Life is a cop drama (sort of) that currently is airing in the United States on NBC. Short version of this review: it's the best drama NBC has fielded in years.
Charlie Crews was a homicide detective in Los Angeles, but the heinous murder of a family connected to him resulted in him going to prison for life. Lucky for him, his lawyer was very, very good at her job, and he ended up being pardoned after serving twelve years, most of that in solitary confinement.
Twelve years is a very long time for a person to spend alone, but Charlie was lucky - he had a book with him: a book on Zen meditation. It became the closest thing he had to a friend apart from:
Ted. Charlie met Ted in prison. Ted was doing time for swindling millions of dollars from various people and organizations. White collar criminals aren't usually the toughest of people, and Charlie ended up saving his life in jail.
Not only was Charlie pardoned, but he successfully sued the city of Los Angeles. His settlement came in two parts - he was given his old job back in the homicide division, and he was given an undisclosed cash settlement. Judging from the size of his house and the cars he drives, it was a very, very large settlement. He needed somebody to keep an eye on the money, so he let Ted move into his garage.
Charlie was partnered with Dani Reese in homicide, a former undercover narcotics officer who went a little too far undercover and emerged blinking into the California sun an alcoholic and drug addict. Her job, ostensibly, was to find a reason, any reason, to get Crews fired.
It sounds preposterous, right? And I admit I approached the thing with trepidation, but get this: it's stylish. It's gorgeously shot. The dialogue is this weird combination of zen theory and barely-constrained violence, and the thing that sells it is that the murders that Crews ends up having to solve are so entirely twisted and weird that you can almost taste how much fun the writers are having with the thing - there's the guy whose bottom half got vaporized by a gas explosion who, it turned out, had two completely separate families and worked for the IRS. There's the homeless hippie woman found dead in a forest, still clutching her acoustic guitar with a dancing bear carved into its front. There's a truly inspired chase sequence involving the sound distortion from a flash-bang, a 350 pound Samoan and a pair of custom car builders, one of whom only repeats the other one's lines.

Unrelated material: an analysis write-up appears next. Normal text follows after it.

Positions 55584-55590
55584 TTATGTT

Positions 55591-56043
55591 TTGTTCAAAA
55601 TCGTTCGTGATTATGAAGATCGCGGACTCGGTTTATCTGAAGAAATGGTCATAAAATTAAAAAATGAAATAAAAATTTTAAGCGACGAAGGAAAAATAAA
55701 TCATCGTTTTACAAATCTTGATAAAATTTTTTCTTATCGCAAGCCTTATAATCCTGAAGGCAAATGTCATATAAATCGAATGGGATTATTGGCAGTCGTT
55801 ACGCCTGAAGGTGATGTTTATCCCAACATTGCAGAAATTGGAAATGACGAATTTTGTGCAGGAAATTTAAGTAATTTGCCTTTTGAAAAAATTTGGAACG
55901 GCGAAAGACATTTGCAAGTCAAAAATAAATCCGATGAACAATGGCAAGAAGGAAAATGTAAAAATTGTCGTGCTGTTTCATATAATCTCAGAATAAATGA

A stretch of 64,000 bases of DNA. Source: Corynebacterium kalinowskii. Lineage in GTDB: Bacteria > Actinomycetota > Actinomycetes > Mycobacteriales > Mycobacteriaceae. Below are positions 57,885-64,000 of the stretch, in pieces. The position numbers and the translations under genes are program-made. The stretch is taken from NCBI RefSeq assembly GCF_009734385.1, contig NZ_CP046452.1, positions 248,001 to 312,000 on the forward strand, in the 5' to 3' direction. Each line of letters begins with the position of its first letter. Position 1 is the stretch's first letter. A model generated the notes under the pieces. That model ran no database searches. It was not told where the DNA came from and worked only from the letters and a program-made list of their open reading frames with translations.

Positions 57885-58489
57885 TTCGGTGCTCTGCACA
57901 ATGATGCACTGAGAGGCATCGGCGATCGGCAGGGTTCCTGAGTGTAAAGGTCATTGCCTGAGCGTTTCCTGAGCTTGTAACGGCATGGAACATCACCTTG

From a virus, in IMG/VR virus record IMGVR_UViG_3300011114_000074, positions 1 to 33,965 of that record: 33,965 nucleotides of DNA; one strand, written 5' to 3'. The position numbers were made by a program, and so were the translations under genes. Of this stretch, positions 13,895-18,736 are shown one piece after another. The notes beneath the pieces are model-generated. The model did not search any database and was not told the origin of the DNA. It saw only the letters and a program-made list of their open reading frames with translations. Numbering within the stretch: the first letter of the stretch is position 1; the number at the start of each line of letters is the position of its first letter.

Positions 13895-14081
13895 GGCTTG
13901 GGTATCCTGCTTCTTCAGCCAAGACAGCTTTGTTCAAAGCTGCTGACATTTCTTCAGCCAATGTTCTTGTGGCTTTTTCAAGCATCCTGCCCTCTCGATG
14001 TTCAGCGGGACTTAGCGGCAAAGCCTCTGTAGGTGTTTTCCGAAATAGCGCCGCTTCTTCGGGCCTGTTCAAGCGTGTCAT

Tying the whole thing together is the Zen thread that weaves its way through the thing - Crews sublimates his frustrations with fruit. A woman compliments him on his car and he gives it to her because it's only an object. He keeps a crime wall hidden in his closet to track the interconnectedness of all things as they relate to the murder he was put away for. It's energetic and fanciful and fun and, for now at least, the entire series is available on Hulu.
It's called, "Life," get it? Life was what Crews was sentenced to, and Life was what he was given back. The Zen never ends.
Give it a try.